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Community Salute: Preserving the Born-Digital Experience of Millennial Veterans

Monday, November 7, 2016

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Editor’s Note: In September, IMLS announced a cooperative agreement with FSG to strengthen the ability of libraries and museums to fulfill the unique and critical needs of veterans and military families. Through the Community Salute program, IMLS will gather information from a variety of key stakeholders in the library, museum, and military communities; identify opportunities for enhancing community services; and develop frameworks, tools, and resources to strengthen the role libraries and museums have in addressing the specific needs of veterans and military families. This is the latest in a series of Community Salute blogs highlighting the role that many libraries and museums already play in the lives of veterans and military families.

By Dr. Steve Maxner
Texas Tech University

Veterans Day is a time when our nation shows its appreciation to those who have answered the call to serve. An important way we show our thanks and build our understanding of their unique experiences, is to collect and preserve the history of our veterans and to give voice to the complicated and fraught life in combat.

Soldier with children

From previous generations of veterans, like those who served in Vietnam, we are still receiving traditional manuscript materials, such as boxes filled with photographs, slides, documents, diaries, maps and other materials. Sometimes we have the privilege of watching an 8-mm film that shows what life was like on a combat base or we get to listen to the voices of a veteran and their family as they exchange audio letters via reel-to-reel recorders, trying to provide each other with reassurance, comfort and hope at a time of unbearable loneliness and uncertainty. These are important and rich materials that help us better understand the human toll of war, and remind us of the incredible costs to our veterans, their families, and our nation.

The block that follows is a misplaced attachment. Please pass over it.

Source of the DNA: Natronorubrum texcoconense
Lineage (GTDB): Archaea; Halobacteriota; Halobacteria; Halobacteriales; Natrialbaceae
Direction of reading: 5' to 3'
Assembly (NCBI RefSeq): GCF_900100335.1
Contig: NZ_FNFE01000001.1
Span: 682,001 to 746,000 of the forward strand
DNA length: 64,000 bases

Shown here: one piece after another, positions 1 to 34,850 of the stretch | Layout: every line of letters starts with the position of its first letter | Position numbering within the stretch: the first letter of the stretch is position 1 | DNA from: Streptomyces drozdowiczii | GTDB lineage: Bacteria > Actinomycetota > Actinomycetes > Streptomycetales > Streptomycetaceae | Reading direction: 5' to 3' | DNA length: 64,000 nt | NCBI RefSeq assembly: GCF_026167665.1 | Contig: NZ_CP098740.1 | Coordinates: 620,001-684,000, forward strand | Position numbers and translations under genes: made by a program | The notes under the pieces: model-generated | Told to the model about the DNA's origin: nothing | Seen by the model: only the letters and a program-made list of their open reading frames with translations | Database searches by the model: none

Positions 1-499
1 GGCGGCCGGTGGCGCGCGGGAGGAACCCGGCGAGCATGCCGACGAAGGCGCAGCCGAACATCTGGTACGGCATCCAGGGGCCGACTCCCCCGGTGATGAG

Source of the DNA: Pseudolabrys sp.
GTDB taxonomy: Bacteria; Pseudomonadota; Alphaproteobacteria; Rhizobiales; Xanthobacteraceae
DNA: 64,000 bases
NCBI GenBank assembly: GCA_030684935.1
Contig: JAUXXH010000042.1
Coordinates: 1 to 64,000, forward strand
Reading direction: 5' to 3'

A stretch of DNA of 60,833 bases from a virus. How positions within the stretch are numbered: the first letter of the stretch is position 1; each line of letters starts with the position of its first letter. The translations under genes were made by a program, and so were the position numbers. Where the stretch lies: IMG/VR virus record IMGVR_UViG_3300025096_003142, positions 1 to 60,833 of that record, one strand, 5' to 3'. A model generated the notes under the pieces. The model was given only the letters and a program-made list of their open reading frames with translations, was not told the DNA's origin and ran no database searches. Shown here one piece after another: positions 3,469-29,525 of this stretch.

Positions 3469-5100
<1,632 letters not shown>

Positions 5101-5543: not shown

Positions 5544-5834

Working with the millennial veterans of the more recent conflicts in Iraq and Afghanistan provides a different set of challenges that might place at risk a significant part of that history. With this most recent generation of veterans we are encountering a much larger percentage of born-digital material such as digital images, videos, correspondence and other forms of communication. Given the ephemeral nature of digital files, we are concerned that much of their story will be lost in the coming years and decades, unless we work with veterans to preserve those digital materials today.

Through a generous planning grant from IMLS, the Archive of Modern American Warfare at Texas Tech University has conducted research into the issues involved with collecting and preserving born-digital materials from younger veterans. We have surveyed and collected information from veterans around the country to determine the amount of digital material they possess, and the ways in which we might work with them to collect and preserve those materials now. This has also included looking at developing a digital upload or transfer system that might make easier the task of collecting their materials, like basic information about the veteran, where they served, their years of service, and all of the necessary information to create an archive collection for them.

Two soldiers in the field

By far, the greatest challenge we have encountered is an apparent lack of interest on the part of many young veterans to participate in the preservation of their legacy of service. Some of the obvious reasons we believe include the basic demands of life as veterans leave military service and go to school, get jobs, and start families. This is actually quite consistent with our experience with Vietnam veterans who did very much the same things upon returning from war, and it is during the past 15-20 years that they have become more and more involved in preserving their history.